Review of Out of Embers by Amanda Cabot   Leave a comment

 

Ten years after her parents were killed, Evelyn Radcliffe is once more homeless. The orphanage that was her refuge and later her workplace has burned to the ground, and only she and a young orphan girl have escaped. Convinced this must be related to her parents’ murders, Evelyn flees with the girl to Mesquite Springs in the Texas Hill Country and finds refuge in the home of Wyatt Clark, a talented horse rancher whose plans don’t include a family of his own.

At first, Evelyn is a distraction. But when it becomes clear that trouble has followed her to Mesquite Springs, she becomes a full-blown disruption. Can Wyatt keep her safe from the man who wants her dead? And will his own plans become collateral damage?

Suspenseful and sweetly romantic, Out of the Embers is the first in a new series that invites you to the Texas Hill Country in the 1850s, when the West was wild, the men were noble, and the women were strong.

***

 

A haunted orphan on the run, a desperate killer willing to murder whoever stands in his way, and a charming rancher who wants to follow his own dreams but stays to take care of his family. Sounded good to me, and something that set it apart from the usual Western romance. The beginning started out strong enough. Evelyn has always felt like a watcher has been monitoring her movements. When the orphanage she’s been living at for 10 years is mysteriously burned down and all its inhabitants with it, she knows her past has finally caught up with her. She flees with Polly, the only orphan to escape the carnage because she was with her. They travel to the quaint town of Mesquite Springs where during a thunderstorm, they are found by a handsome rancher, Wyatt Clark.

For me, I kept looking for the story to pick up in some way. If not with the plot, at least some more interesting character interaction. But it’s very brief and any character conflicts are swiftly resolved. We had an interesting one going with Sam, a lawyer who is Wyatt’s friend, and determined to have his own way no matter what. After building up on this, though, things are swiftly resolved within a page and a half, roughly. Once we finish meandering through the rest of the story, the author decides to throw in a hasty confrontation with the villain and poof! All done, and you’re left feeling like you missed something.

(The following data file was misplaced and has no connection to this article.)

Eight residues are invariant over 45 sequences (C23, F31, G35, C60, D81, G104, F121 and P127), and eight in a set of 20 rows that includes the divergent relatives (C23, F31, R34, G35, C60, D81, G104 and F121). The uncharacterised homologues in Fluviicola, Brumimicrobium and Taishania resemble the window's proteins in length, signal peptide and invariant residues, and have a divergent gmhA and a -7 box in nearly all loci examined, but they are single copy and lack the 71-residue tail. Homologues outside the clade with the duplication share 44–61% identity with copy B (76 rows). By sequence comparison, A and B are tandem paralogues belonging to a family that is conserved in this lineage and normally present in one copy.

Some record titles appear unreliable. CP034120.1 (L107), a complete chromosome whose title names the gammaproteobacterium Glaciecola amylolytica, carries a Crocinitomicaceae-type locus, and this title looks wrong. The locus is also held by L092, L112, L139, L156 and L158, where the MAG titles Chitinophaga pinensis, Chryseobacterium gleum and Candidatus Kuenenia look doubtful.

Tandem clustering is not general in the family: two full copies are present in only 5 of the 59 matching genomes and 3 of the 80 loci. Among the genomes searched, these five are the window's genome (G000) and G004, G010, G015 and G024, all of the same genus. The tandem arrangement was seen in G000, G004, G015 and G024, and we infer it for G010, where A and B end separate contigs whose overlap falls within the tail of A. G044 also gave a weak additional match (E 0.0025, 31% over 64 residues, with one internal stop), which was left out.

For characters, they’re solid, no complaints there. Polly, Evelyn’s six year old companion, I confess annoyed me tremendously. I’ve always thought that if you’re an orphan and someone is going out of their way to take care of you, show a little respect. This one shows zero, and alternates between being a cute girl to a spoiled little runt you just want to squash (I know that sounds violent :P).

The romance is bland, and the standard insta-attraction that morphs into love. Nothing memorable, or what would tug at my heartstrings.
For the moral message, I was a little bit disgusted with how it was portrayed. One of the themes at the beginning is to abstain from lying. Evelyn, however, in a strange town and believing that the person who murdered her parents just destroyed an orphanage with a bunch of innocent children, decides to change her last name and lie about her past to avoid drawing attention and alerting whoever might be stalking her. This is somehow still wrong.

I appreciated the scene where the characters pray for healing and God answers. But what deflated it for me was “well God, we know you don’t heal everyone, so if it be your will…” Wow, that’s a load of faith. I was almost shocked the prayer even got answered.

So personal feelings aside on some of the scenes, the story is charming enough on its own. If you’re looking for a lighthearted romance with just a touch of suspense, you won’t be disappointed. As for something truly moving, or even eliciting that warm feeling inside that you get when you read some books, I can’t say you’ll get that with this book. At least I didn’t, anyway.

Verdict: Pass, unless you’re looking for a slow read.

(I received a free copy of the book from the publisher and author from the blogging program in exchange for an honest review. All opinions expressed are my own.)

 

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